In 1877, American abolitionist (and escaped slave) Frederick Douglass met his former master, Thomas Auld. Douglass had previously written strong condemnations of Auld’s cruel treatment of his slaves. But when they met near the end of Auld’s life, Douglass forgave him. They shed tears, were reconciled, and parted as friends, according to Douglass’s autobiography.
Douglass had become a Christian as a teenager, and clearly, he’d learned the power of God’s forgiveness in the face of suffering and injustice. As we see in today’s reading, Joseph, too, had learned to forgive despite all he’d unjustly suffered (vv. 19–21). In fact, we can say he’d learned to forgive because of all he’d unjustly suffered. That did not make what his brothers and the Potiphar couple had done any less wrong, but it helped Joseph to know that God had been in sovereign control with a greater purpose the entire time.
We live in a fallen world that’s full of sin and suffering, but these things are not outside God’s rule. He’s never been taken by surprise and never has to resort to a plan B. This should strengthen our faith and give us hope. At the same time, it should not make us complacent or fatalistic. Sin, suffering, and injustice should deeply grieve us. We should practice and stand for biblical justice whenever there’s an opportunity. Even more, we can rejoice when suffering injustice for the sake of Christ—as Paul and Silas did, singing hymns in their Philippian prison cell (Acts 16:25).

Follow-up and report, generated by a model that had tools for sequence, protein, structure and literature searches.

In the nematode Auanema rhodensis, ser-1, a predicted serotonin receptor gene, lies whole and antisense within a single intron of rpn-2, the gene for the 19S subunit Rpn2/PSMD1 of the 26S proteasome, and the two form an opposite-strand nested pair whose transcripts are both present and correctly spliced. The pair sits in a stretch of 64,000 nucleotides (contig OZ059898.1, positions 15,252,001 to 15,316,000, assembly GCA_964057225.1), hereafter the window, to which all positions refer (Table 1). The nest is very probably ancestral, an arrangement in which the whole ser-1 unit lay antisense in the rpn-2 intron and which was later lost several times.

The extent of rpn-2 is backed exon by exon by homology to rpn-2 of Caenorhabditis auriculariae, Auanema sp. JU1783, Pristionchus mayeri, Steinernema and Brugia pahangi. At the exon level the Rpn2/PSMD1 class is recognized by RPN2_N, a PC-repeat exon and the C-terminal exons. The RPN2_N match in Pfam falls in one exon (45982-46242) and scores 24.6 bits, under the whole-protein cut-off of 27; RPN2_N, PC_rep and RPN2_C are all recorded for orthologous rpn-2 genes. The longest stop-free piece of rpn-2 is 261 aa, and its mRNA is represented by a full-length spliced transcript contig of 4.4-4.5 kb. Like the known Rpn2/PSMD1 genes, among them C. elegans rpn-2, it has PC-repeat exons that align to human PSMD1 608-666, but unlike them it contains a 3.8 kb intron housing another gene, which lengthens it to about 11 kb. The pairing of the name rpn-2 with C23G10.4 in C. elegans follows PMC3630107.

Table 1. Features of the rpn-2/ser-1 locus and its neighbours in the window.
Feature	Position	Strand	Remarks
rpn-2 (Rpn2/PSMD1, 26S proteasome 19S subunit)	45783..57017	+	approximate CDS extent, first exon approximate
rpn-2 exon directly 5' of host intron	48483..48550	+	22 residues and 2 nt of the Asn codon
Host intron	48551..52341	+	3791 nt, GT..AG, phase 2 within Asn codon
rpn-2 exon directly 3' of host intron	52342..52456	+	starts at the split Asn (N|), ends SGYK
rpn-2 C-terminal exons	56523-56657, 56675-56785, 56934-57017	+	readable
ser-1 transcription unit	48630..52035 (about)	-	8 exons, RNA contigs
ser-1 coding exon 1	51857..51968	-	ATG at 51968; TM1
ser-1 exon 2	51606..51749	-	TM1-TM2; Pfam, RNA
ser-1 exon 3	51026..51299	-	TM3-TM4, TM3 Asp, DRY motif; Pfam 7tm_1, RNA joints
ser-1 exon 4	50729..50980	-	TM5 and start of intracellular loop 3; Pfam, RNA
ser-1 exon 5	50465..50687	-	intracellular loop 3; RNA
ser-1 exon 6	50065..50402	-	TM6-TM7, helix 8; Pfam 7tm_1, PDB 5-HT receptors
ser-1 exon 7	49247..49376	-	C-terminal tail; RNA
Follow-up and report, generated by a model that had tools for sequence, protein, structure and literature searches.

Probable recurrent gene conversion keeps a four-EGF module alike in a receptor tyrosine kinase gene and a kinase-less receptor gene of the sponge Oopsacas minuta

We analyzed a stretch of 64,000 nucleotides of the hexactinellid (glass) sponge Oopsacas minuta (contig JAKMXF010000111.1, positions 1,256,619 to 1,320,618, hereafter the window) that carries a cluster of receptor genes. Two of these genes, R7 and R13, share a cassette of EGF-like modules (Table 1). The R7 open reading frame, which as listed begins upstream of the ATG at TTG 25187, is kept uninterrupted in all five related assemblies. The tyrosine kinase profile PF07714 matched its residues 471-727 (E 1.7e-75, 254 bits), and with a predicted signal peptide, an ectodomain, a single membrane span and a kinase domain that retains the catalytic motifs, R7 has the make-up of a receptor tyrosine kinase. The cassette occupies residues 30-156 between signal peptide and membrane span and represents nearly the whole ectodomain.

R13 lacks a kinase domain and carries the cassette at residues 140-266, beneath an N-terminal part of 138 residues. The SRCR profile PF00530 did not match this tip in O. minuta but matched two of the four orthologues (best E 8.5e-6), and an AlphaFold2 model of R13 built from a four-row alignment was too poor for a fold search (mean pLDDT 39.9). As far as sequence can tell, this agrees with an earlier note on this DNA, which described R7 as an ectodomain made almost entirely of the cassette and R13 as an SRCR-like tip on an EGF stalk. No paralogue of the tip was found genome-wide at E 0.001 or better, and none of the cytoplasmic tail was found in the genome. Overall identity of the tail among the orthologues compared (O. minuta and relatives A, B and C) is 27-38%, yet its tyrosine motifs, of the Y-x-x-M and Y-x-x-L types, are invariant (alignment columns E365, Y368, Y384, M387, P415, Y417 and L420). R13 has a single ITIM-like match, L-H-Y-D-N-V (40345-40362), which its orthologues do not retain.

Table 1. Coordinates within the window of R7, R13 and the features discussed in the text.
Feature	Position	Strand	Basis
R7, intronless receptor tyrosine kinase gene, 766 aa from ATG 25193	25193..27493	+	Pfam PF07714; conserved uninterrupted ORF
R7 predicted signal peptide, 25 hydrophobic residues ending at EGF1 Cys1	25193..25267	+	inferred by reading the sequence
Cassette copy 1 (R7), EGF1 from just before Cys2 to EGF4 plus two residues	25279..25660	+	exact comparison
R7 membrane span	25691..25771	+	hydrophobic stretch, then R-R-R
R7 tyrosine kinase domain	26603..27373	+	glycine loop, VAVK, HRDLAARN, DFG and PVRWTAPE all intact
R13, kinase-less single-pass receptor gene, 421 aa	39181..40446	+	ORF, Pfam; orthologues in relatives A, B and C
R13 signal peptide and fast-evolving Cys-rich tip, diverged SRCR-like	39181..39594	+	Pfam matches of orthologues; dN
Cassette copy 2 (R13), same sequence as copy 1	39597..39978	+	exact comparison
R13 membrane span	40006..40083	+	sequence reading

What can we learn from Joseph? In the words of the psalmist: “It was good for me to be afflicted so that I might learn your decrees” (Ps. 119:71). Or in Paul’s terms: “In all things God works for the good of those who love him” (Rom. 8:28).
>> If you struggle with questions about suffering or injustice, we recommend an excellent book by two Moody professors: Between Pain and Grace: A Biblical Theology of Suffering, by Gerald Peterman and Andrew Schmutzer.
In the midst of suffering, it can be difficult to draw comfort from Your promises. Sustain our trust in You. “Lord, to whom shall we go? You have the words of eternal life” (John 6:68).